Minister’s Forum: Jewish thoughts on the new year
The New Year in our American calendar seems to be dominated by a forward-looking culture that gets expressed through resolutions. Resolutions feed our desires for self-improvement with a minimum of difficult self-reflection. After all, most of us more often make resolutions with regard to diet and exercise, and seldom with regard to personal behavior.
Jewish teachings ask us to approach the Jewish New Year, Rosh Hashanah, which usually occurs in September, in a different fashion, turning towards the past as something that must be smoothed before we can make any progress into the future. This practice is called, in Hebrew, teshuvah, or “returning,” or “repentance.” The wisdom in this appears in the habit of returning to everyone in one’s life and cleaning the slate, apologizing for wrongdoings – both those one remembers and those forgotten – so that one can enter the new year without any baggage from the previous year. This literal “return” to past actions with a new understanding about them, allows us to shed them as problems in our lives.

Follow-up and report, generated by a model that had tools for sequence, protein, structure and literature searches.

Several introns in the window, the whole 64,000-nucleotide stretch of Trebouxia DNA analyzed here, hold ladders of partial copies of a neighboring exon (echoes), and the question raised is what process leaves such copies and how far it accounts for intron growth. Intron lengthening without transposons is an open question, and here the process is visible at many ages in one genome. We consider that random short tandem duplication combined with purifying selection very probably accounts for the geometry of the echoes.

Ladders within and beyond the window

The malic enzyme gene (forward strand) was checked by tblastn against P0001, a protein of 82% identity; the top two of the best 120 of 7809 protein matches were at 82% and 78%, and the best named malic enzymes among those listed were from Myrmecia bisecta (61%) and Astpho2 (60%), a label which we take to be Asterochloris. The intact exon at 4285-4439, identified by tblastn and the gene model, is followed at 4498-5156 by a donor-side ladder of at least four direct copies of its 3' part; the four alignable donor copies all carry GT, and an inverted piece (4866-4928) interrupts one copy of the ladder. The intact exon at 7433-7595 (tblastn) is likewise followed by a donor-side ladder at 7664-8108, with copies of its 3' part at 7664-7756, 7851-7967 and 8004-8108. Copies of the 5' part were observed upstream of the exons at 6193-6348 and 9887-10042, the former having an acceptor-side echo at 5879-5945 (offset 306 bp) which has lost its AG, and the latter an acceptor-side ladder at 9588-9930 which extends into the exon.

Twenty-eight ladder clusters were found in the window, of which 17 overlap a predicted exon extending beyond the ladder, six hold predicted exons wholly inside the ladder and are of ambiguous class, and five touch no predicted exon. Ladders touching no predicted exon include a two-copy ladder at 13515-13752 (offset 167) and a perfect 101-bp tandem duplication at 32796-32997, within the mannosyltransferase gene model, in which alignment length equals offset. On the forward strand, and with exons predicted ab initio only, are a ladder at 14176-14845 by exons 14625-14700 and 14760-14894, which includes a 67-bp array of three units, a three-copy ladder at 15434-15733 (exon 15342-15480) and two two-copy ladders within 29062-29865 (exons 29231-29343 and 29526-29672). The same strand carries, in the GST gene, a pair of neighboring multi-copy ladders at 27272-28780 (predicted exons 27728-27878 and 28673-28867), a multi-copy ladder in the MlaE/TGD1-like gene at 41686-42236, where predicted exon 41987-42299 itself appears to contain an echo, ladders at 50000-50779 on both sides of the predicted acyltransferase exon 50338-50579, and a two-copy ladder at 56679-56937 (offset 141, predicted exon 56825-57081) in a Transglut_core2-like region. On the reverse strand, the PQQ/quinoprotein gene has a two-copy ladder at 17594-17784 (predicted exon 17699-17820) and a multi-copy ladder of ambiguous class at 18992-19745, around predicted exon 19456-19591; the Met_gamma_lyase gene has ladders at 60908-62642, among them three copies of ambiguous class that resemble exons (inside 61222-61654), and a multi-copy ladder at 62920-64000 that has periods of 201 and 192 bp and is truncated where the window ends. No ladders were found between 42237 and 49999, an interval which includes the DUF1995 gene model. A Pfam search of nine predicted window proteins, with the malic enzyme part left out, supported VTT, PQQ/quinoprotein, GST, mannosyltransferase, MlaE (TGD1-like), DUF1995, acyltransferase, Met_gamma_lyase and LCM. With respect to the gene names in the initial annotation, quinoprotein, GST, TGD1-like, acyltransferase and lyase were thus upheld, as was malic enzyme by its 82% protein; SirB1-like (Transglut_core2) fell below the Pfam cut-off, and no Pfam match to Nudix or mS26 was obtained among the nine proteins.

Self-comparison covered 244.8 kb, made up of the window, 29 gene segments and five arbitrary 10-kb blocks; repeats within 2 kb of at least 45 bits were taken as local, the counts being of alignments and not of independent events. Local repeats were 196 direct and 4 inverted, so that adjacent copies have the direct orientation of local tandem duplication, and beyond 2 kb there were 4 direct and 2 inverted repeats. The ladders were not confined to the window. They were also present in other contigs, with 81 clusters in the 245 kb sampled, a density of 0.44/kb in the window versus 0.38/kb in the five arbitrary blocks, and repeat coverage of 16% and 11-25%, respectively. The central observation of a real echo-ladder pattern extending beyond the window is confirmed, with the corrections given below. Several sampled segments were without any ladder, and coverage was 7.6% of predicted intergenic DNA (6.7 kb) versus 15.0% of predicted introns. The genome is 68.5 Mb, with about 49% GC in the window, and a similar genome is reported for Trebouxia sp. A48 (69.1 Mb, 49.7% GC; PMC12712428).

I have often found the practice of resolving to make some drastic change in my life through the New Year more of a burden than an asset. And yet, while the Jewish New Year requires a good deal of personal effort to reconcile issues of the past, it often sends us into the next year with fewer burdens. In fact, one of the central teachings of the Jewish New Year offers us the opportunity to relieve ourselves of the promises that we have imposed on ourselves in the past year which have gone unfulfilled.
This consists of a full reversal of the practice of resolutions; instead of loading down our coming year with new obligations, on top of those yet unfulfilled, we rid ourselves of those that have gone unfulfilled from the past. This focus asks us to think of our own behavior and how to improve it in ways that go beyond losing a few pounds, exercising more, and stopping smoking. While all of these would be laudable, they pale when compared to the effects on our lives when we resolve problems between ourselves and those around us.
On that note, I would like to offer my own gratitude, and that of the entire Jewish community of Temple Bat Yam, to everyone in South Lake Tahoe who took time and effort to condemn the anti-Jewish and Nazi graffiti that appeared in town and on the Temple building a few weeks ago. I enter the new year most thankful that we all share one of the best places in the world to live – we are all the best neighbors!
Happy New Year!
-Jonathan B. Freirich is the rabbi at Temple Bat Yam.